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Throwback Magic - Magic: The Gathering's World Champions

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With the World Championships taking place this weekend, we've created a compilation of each year's Magic World Champions, and we've analyzed the lists used to win the title in the finals!

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The World Championship will take place this weekend, from October 8th to 10th, where the top sixteen players of the 2020-2021 season will compete for a $250,000 prize pool, and each of them will also receive $50.000 for participating in the tournament, totaling a $1,050,000 prize pool for the most important Magic: The Gathering event of the year.

And with the arrival of this historic moment, I can hold a special Throwback Magic this week when, instead of talking about a specific deck, we'll talk about the world champions from every year since the first event in 1994, and comment a little about the decks they used at the time, as well as observing the changes in the structure of the event over the years.


Without further ado, I present to you the Magic: The Gathering world champions, from 1994 to 2019, along with their respective decks used during the Finals matches.


The first Magic: The Gathering World Championship took place in 1994, during the Gen Con in Milwakee on August 19-21, and the champion was the American player Zak Dolan, in the only Worlds in history where it wasn't necessary to qualify in some way and where any player could register and participate.

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Zak Dolan

Dolan defeated the French Bertrand Lestree in the finals, in a tournament where the format played is what would now be known as Vintage, but at the time there was no format design concept and essentially all sets were legal, but contained a significant Restricted list, which may explain the amount of one-ofs in the list below.

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To win the tournament, Zak used a Prison-Control deck that we currently call Angel Stasis, where the objective was to control the game using removals like Swords to Plowshares and a multitude of other spells in one-ofs until he managed to perform a Stasis “lock” with Serra Angel in play, where the deck then locked both players' resources, but was able to attack with the angel due to its Vigilance ability.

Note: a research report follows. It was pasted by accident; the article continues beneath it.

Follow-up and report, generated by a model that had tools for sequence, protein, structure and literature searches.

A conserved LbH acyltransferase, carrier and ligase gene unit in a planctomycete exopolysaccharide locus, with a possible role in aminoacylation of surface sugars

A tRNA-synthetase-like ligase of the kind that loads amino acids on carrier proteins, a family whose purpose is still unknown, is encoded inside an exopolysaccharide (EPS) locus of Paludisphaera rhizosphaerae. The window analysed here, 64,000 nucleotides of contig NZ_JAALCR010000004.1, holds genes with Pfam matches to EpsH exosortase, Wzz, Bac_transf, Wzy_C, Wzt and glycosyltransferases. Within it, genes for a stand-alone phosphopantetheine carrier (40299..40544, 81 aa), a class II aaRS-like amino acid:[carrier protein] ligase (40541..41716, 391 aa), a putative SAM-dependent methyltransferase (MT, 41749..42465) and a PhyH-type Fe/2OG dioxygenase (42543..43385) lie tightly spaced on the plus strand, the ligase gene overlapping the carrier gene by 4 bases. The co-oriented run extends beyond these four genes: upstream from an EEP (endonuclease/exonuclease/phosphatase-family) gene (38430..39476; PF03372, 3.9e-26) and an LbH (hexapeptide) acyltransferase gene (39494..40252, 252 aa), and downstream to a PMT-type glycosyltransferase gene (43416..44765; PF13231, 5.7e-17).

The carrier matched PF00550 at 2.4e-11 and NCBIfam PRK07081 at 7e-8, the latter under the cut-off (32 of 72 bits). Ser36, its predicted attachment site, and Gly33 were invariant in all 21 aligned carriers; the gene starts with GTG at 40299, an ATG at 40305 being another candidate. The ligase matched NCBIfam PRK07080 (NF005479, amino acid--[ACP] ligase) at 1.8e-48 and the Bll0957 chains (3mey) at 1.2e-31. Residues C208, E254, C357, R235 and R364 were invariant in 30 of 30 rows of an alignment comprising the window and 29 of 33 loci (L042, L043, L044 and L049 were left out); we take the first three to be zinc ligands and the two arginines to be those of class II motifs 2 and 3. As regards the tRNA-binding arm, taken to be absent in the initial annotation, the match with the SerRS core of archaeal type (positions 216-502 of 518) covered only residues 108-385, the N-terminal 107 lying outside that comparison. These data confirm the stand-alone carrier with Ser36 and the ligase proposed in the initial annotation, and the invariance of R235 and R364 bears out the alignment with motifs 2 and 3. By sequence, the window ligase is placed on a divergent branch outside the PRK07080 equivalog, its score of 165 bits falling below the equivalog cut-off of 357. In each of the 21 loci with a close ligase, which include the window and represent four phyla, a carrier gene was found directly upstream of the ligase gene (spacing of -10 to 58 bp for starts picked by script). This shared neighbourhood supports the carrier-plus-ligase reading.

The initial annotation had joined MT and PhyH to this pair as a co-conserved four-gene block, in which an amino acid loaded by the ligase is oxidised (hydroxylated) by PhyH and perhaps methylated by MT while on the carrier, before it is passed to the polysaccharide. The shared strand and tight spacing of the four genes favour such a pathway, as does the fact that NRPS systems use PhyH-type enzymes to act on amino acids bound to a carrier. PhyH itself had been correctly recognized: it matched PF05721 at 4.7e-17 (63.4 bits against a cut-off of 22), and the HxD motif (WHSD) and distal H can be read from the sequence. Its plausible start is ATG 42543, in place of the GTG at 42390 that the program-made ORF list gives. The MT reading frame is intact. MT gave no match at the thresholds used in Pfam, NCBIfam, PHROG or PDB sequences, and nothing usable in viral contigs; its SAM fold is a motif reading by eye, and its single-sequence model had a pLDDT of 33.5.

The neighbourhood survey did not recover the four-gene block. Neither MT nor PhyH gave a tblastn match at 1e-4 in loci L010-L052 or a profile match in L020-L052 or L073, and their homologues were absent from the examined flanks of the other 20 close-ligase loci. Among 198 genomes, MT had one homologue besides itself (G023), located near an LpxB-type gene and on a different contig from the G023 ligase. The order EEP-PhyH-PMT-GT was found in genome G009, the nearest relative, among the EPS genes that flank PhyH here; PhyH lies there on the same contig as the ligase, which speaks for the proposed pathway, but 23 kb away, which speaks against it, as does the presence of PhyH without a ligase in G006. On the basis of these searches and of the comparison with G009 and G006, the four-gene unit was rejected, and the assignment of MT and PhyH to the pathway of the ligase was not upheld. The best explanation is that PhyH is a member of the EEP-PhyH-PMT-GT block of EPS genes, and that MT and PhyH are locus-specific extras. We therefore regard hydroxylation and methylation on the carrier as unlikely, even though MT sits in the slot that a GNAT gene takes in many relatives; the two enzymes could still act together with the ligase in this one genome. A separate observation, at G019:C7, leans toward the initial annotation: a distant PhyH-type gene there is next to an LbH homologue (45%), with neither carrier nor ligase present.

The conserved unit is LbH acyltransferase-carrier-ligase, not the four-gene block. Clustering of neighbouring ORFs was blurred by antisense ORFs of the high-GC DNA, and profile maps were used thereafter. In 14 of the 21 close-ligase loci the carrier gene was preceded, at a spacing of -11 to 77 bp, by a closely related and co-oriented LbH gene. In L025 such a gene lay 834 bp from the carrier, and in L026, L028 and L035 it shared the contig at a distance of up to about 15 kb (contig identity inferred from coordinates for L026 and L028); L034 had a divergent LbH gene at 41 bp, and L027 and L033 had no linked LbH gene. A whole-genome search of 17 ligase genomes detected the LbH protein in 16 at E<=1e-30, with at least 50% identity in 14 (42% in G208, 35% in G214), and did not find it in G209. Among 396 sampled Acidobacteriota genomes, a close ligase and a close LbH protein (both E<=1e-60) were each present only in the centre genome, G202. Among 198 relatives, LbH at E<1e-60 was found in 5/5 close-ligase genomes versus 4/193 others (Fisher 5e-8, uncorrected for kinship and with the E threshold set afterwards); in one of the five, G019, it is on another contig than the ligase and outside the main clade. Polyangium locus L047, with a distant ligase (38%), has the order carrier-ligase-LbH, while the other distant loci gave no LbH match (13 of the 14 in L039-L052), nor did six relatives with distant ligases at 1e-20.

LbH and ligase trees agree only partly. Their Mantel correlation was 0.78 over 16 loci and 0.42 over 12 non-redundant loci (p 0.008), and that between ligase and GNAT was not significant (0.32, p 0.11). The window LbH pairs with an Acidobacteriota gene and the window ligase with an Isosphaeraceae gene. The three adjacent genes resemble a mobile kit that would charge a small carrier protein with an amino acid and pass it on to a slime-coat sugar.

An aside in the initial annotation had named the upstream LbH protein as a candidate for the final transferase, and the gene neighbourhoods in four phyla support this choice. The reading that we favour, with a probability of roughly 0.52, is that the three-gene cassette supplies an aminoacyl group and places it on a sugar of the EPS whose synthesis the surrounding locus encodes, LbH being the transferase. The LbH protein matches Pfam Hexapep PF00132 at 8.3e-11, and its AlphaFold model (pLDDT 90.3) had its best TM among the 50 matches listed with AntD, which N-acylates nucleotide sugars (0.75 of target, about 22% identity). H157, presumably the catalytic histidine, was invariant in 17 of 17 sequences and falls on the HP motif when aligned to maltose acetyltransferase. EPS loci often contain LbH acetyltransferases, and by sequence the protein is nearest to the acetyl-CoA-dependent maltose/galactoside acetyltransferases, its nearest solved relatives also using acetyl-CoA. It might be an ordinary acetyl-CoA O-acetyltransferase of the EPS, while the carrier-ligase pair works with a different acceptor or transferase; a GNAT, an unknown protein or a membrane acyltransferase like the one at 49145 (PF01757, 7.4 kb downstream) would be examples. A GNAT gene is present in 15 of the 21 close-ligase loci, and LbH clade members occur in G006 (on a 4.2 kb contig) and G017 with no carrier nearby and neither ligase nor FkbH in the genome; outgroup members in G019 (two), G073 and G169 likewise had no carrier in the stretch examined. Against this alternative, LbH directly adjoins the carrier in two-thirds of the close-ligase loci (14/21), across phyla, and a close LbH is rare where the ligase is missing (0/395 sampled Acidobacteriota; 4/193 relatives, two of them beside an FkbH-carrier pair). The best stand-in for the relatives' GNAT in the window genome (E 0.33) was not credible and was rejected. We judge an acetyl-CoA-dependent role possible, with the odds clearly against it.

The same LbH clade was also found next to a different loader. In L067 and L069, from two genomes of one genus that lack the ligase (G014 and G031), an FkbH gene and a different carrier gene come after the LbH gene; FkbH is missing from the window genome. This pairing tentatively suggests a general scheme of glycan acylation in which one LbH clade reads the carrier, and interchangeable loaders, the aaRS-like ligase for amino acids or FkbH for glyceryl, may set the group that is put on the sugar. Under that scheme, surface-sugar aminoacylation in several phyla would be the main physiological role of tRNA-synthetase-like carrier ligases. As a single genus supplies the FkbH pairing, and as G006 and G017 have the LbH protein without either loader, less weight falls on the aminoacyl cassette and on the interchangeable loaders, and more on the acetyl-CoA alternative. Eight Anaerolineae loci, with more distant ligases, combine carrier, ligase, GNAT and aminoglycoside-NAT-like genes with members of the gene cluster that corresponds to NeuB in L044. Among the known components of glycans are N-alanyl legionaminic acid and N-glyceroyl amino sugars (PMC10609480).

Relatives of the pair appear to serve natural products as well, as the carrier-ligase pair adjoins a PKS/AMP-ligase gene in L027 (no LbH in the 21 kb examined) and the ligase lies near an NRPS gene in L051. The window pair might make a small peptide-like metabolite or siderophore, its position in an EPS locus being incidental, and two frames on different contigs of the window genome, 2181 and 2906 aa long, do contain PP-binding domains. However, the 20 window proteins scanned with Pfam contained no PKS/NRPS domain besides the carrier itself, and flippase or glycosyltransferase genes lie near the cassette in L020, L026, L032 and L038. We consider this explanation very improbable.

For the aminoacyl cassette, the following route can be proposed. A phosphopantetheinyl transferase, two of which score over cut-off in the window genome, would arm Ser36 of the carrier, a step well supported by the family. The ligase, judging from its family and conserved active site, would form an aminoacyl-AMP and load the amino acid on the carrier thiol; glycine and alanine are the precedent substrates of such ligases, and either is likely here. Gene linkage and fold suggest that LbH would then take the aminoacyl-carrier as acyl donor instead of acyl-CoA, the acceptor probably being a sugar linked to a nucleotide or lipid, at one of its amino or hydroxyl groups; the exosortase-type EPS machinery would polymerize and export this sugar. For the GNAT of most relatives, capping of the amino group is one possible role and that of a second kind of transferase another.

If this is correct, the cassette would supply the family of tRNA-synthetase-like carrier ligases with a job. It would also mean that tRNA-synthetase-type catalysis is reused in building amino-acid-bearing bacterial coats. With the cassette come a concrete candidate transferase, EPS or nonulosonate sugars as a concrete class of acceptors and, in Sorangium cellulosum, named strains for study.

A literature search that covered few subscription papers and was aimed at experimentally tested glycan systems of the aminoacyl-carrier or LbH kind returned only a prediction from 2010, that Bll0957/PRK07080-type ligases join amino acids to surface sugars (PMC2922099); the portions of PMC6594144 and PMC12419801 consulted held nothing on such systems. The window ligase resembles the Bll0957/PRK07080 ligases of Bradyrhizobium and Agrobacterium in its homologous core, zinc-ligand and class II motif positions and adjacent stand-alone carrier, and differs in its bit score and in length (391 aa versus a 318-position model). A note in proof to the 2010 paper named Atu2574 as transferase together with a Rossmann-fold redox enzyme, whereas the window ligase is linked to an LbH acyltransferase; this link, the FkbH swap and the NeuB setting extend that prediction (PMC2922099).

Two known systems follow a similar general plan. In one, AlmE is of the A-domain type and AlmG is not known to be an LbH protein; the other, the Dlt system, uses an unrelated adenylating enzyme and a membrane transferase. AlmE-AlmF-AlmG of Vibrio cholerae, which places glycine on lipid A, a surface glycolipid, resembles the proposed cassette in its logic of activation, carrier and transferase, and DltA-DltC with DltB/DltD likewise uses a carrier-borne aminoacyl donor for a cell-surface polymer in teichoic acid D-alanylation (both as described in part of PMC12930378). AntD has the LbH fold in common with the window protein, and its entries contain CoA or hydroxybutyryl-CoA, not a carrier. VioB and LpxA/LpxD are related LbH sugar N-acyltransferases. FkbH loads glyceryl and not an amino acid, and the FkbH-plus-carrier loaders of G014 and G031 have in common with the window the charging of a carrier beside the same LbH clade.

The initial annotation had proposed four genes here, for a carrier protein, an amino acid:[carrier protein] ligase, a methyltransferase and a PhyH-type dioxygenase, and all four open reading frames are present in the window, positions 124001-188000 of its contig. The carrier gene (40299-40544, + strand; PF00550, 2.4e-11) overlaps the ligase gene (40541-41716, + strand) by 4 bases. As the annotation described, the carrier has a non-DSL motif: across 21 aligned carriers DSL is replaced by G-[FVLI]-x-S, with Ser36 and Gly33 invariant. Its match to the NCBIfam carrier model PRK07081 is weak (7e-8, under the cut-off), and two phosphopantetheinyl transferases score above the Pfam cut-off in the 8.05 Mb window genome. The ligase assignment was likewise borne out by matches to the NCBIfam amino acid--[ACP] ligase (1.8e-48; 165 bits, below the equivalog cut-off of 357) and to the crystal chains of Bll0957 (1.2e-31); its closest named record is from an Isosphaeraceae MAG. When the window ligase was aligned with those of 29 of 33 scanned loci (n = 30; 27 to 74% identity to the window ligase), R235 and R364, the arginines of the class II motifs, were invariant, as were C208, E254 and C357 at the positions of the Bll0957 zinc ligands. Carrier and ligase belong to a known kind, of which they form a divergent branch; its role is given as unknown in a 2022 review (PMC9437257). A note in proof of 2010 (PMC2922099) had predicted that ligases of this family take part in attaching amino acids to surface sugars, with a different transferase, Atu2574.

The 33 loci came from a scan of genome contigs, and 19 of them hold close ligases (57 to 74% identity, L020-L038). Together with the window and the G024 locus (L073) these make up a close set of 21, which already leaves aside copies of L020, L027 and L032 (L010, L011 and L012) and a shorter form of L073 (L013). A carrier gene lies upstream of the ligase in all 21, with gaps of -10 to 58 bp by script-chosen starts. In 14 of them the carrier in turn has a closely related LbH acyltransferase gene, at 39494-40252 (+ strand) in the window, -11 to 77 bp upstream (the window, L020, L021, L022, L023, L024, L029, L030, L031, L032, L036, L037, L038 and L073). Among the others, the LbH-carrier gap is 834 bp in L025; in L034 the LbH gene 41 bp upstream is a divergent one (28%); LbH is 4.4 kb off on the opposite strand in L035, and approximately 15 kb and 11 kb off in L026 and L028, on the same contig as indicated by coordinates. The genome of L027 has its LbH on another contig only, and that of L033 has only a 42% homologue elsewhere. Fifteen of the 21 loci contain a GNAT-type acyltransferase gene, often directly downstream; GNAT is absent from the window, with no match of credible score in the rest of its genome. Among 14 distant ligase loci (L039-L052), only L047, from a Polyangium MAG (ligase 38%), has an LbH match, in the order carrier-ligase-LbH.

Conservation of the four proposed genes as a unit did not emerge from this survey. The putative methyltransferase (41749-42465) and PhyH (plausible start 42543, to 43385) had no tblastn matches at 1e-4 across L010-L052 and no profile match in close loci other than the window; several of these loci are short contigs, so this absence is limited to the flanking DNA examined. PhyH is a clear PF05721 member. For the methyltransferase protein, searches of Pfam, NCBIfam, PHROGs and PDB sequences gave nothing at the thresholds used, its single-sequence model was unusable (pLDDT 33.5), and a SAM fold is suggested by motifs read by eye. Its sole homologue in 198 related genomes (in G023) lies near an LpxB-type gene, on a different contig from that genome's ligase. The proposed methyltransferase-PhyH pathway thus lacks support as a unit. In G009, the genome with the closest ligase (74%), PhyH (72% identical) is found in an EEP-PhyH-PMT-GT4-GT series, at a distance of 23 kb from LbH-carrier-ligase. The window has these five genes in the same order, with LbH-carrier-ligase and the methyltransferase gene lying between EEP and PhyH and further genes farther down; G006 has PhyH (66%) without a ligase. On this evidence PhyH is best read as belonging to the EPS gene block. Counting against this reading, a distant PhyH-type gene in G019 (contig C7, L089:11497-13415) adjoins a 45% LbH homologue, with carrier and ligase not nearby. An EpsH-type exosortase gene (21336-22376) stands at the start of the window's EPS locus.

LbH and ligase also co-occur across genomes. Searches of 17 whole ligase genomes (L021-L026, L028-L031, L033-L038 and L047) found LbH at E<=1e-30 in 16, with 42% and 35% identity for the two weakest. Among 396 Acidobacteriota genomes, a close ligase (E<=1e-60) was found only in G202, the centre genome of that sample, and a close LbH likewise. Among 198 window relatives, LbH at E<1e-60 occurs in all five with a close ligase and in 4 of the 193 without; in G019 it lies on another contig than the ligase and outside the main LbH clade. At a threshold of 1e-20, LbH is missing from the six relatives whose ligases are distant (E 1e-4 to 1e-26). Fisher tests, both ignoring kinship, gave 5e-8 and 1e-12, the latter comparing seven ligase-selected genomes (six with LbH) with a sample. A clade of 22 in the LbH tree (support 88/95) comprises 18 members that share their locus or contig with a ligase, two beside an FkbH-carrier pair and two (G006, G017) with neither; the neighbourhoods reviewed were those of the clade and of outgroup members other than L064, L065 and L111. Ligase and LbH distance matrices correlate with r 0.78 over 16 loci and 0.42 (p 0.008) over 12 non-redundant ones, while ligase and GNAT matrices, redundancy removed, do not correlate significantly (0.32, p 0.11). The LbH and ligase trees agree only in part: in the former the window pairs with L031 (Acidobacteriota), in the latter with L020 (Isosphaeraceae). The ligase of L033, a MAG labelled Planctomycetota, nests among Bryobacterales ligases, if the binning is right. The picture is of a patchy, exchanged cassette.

Dolan's prize for winning the first world championship included A trophy, a poker deck with the back of Magic cards and boosters from sets that were no longer available on the market, such as Alpha and Beta.


The 1995 World Championships took place from 5 to 7 August in Seattle, Washington, at the Red Lion Hotel, in the Type II format (now known as Standard) and the winner of the 71-participant event was the Swiss player Alexander Blumke.

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Alexander Blumke

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Alexander won the tournament using a deck aimed at abusing discard spells like Hymn to Tourach and Hypnotic Specter in conjunction with accelerators like Dark Ritual and Lake of the Dead to destabilize the opponent's resources, and then use The Rack or Sengir Vampire to win the game while controlling the board with removals.


With the introduction of Pro Tours in 1996, the World Championship went on to mark the end of the competitive season of the year in Magic: The Gathering, as the last event to give players the famous Pro Points, as well as host the event in which the Player of the Year was named.

The third Worlds took place between August 14-18 at Wizards of the Coast headquarters in Seattle, USA, and was the first World Championship after the creation of the Pro Tour.

125 players participated in the event, which included Draft, Standard and Legacy formats, and the Australian Tom Chanpheng was the big winner, with an archetype that left a great legacy, being known in the game until nowadays: White Weenie.

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Tom Chanpheng


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Tom Chanpheng's White Weenie concept is essentially the same as all the variants we've seen of the deck to date: low-cost creatures that set a significant clock, plus low-cost removals to clear the board of blockers or bigger threats.

The above list also includes some relevant disruptive elements, such as Strip Mine to attack greedy manabases and Armageddon, which could win the game if your board position were higher than your opponent's.

A curious fact about Champheng's deck is that it includes the Sleight of Mind card in the maindeck and sideboard without having any means of casting it. And that was because Tom forgot to list an Adarkar Wastes playset when submitting his decklist, so he was forced to swap them for four basic lands of his choice, and the player chose to include only plains to keep the deck's consistency in activating Order of Leitbur and Order of the White Shield pumps instead of only having access to blue for two dead cards in his maindeck and sideboard.

Tom Chanpheng's victory was immortalized on the exclusive 1996 World Champion card.

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In 1997, the World Championships took place on August 11 to 17 at the Wizards of the Coast Gaming Center in Seattle.